The best (and worst) of 'Sharknado' as the cheesy film franchise takes its last bite
Actor Ian Ziering on Sharknado: 'I never thought it would actually see the light of day' AP
"Sharknado" is going in for one last kill.
After five campy CGI spectacles stocked with squirm-inducing deaths, Syfy's unexpected social-media phenomenon is being put out to sea with "The Last Sharknado: It's About Time" (Sunday, 8 EDT/PDT). The latest cinematic cyclone follows shark-slaying hero Fin Shepard (Ian Ziering), who at the end of last year's "Sharknado 5: The Global Swarming," was seen wandering the Earth after it had been destroyed. Now, he must use time travel to stop the Sharknado that started it all and save his family.
"Sharknado" director Anthony C. Ferrante reflects on five jawsome years of the TV gillty pleasure.
Talk-show host Jerry Springer played a manic tourist in "Sharknado 3: Oh Hell No!" (Photo: Raymond Liu, Syfy)
• Celebrity cameos: A school of guests from the B-list to the D-list have surfaced in the "Sharknado" series, among them: David Hasselhoff, Billy Ray Cyrus, Ann Coulter and Anthony Weiner. Ferrante's favorites include "Taxi" star Judd Hirsch playing – what else? – a cab driver, and "Airplane!" actor Robert Hays, both of whom appeared in "Sharknado 2." "I loved 'Airplane!,' and the fact that I got to direct Robert Hays playing an airplane pilot was just awesome," Ferrante says. "We had a lot of cameos in the second movie. It was the beginning of a lot of people (in the series) paying homage to something in their past."
April (Tara Reid) and Fin (Ian Ziering) brandish a chainsaw in 'Sharknado 5: Global Swarming.' (Photo: Yana Blajeva, Syfy)
• Best weapon: Tasers, baseball bats, smashed wine bottles – if there's a way to defeat an airborne shark, Ferrante and the writers have thought of it. The films' most reliable weapons are chainsaws, which Fin wields to grisly effect. "The thing that defined us was in the first film, where we did this 'Crouching Tiger, Hidden Dragon' moment of Fin jumping in the air, getting swallowed and then chainsawing his way out," Ferrante says. "That sort of established us like, 'OK, they're going to go there.’ ”
• Most epic battle: No place is safe when great whites are in the forecast: Famous landmarks such as the Sphinx, White House and Statue of Liberty all succumbed to shark tornadoes. Ferrante especially had fun with "Global Swarming," which took Fin and April (Tara Reid) on a world tour through Tokyo, Rome and London. Waging war outside Buckingham Palace, "you have guards charging the sharks, and Fin has the Big Ben's (clock) hand," which he uses to "pole vault in to save the queen," Ferrante says. "It's stream-of-consciousness silliness."
'Barry' funnyman Henry Winkler was on the 'Sharknado' wish list for celebrity cameos. (Photo: Rich Polk, Getty Images for IMDb)
• Biggest regrets: "Sharknado 2" is Ferrante's favorite in the franchise (“It's like 'Evil Dead 2’ ”), although he hasn't yet decided which is the weakest. He doesn't regret anything he did in the series, but rather, what he didn't: "We never succeeded in doing any motorcycle gags, which we wrote into 2, 3, and 4" before they were cut, Ferrante says. "We were going to have Fin use the motorcycle to jump over a mountain that had broken apart." As for cameos, "Henry Winkler kept saying no. So Henry, when they do 'Sharknado: The New Beginnings,' we're coming for you."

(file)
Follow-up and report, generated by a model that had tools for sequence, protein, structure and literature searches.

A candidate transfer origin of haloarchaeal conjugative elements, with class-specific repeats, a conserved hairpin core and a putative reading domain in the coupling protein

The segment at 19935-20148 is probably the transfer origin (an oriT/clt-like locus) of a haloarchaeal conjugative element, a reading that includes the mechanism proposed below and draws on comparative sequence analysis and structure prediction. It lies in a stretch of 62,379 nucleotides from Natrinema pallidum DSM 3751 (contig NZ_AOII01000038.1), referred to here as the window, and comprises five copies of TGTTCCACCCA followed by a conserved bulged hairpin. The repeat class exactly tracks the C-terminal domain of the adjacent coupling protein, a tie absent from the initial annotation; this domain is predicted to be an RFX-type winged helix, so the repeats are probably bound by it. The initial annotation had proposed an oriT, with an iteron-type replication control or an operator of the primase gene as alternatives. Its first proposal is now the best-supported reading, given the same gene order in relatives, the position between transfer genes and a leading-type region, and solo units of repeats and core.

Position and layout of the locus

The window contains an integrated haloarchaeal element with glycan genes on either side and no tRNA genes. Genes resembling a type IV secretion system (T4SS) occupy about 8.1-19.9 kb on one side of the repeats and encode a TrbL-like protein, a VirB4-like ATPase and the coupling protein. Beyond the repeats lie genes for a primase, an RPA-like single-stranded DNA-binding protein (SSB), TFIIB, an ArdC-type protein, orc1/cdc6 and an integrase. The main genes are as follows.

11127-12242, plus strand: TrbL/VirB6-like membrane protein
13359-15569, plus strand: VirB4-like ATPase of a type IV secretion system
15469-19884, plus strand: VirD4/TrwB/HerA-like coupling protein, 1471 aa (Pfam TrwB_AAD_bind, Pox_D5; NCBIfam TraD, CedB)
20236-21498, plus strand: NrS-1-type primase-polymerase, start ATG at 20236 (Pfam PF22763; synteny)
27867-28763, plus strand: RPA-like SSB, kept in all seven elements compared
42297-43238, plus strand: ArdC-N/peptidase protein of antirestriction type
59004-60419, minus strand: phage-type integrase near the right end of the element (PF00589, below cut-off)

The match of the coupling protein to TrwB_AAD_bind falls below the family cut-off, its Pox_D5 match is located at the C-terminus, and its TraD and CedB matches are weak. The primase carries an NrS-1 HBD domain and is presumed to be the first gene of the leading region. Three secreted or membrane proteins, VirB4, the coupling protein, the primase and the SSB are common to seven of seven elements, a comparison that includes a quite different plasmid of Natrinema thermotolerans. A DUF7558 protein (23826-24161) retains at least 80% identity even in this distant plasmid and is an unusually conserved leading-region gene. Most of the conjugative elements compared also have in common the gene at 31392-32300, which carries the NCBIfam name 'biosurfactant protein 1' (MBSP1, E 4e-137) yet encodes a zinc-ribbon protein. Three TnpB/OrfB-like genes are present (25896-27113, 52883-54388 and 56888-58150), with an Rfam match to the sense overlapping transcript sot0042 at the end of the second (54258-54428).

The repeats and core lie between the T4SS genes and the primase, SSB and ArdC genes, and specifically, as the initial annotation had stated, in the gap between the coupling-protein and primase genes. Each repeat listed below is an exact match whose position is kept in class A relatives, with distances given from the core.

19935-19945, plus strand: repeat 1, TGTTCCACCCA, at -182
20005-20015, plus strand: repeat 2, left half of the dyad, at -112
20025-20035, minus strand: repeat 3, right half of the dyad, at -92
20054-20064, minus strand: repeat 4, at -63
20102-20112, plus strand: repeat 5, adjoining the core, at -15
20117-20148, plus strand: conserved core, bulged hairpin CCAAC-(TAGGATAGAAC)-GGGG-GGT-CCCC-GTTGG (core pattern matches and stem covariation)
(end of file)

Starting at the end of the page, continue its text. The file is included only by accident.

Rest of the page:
• Jumping the shark: The "Sharknado" movies are nothing if not self-aware, chock full of cheesy pop-culture references ("It wouldn't be Texas without a chainsaw massacre") and shark puns ("You know what you did, don't you? You jumped the shark"). That line was Ferrante's attempt at making the movies critic-proof. "It's easy to write a whole review of 'Sharknado 2' like, 'Oh, the movie jumped the shark!’ ” he says. "We just got ahead of it and said, 'Once we make that joke, there's no way anybody can say that in a review, because we're already aware of what we're doing.’ ” (They still did.)
• Bad ads galore: Shoddy visual effects and green-screen backdrops are as much hallmarks of the "Sharknado" series as glaring product placement, such as a shark smashing into an Xfinity billboard and scientists using Google Glass to track 'nados. Although many fans rolled their eyes, Ferrante has no shame in plugging sponsors: "You look at 'E.T.' and realize how blatant the Reese's Pieces product placement is in that film," Ferrante says. "We ease into it like, 'It's in your face. Just shut up, it's part of the movie.' It's always fun trying to figure out how we're going to do it."
Fin (Ian Ziering) travels back to Colonial America in 'The Last Sharknado: It's About Time.' (Photo: Courtesy of Syfy)
• Turn back time: Sharknados aren't the only superstorms Fin and friends contend with. A nuclearnado, hailnado, firenado and cownado are just a few of the variations to blow through the first five movies, along with a new "timenado" in the sixth. "To be able to go to the Old West, the American Revolution and prehistoric times was just awesome," Ferrante says. "The last frontier would've been aliens, but time travel is where we kind of draw the line, which is a rare thing to say with a 'Sharknado' movie."
Source : usatoday.com
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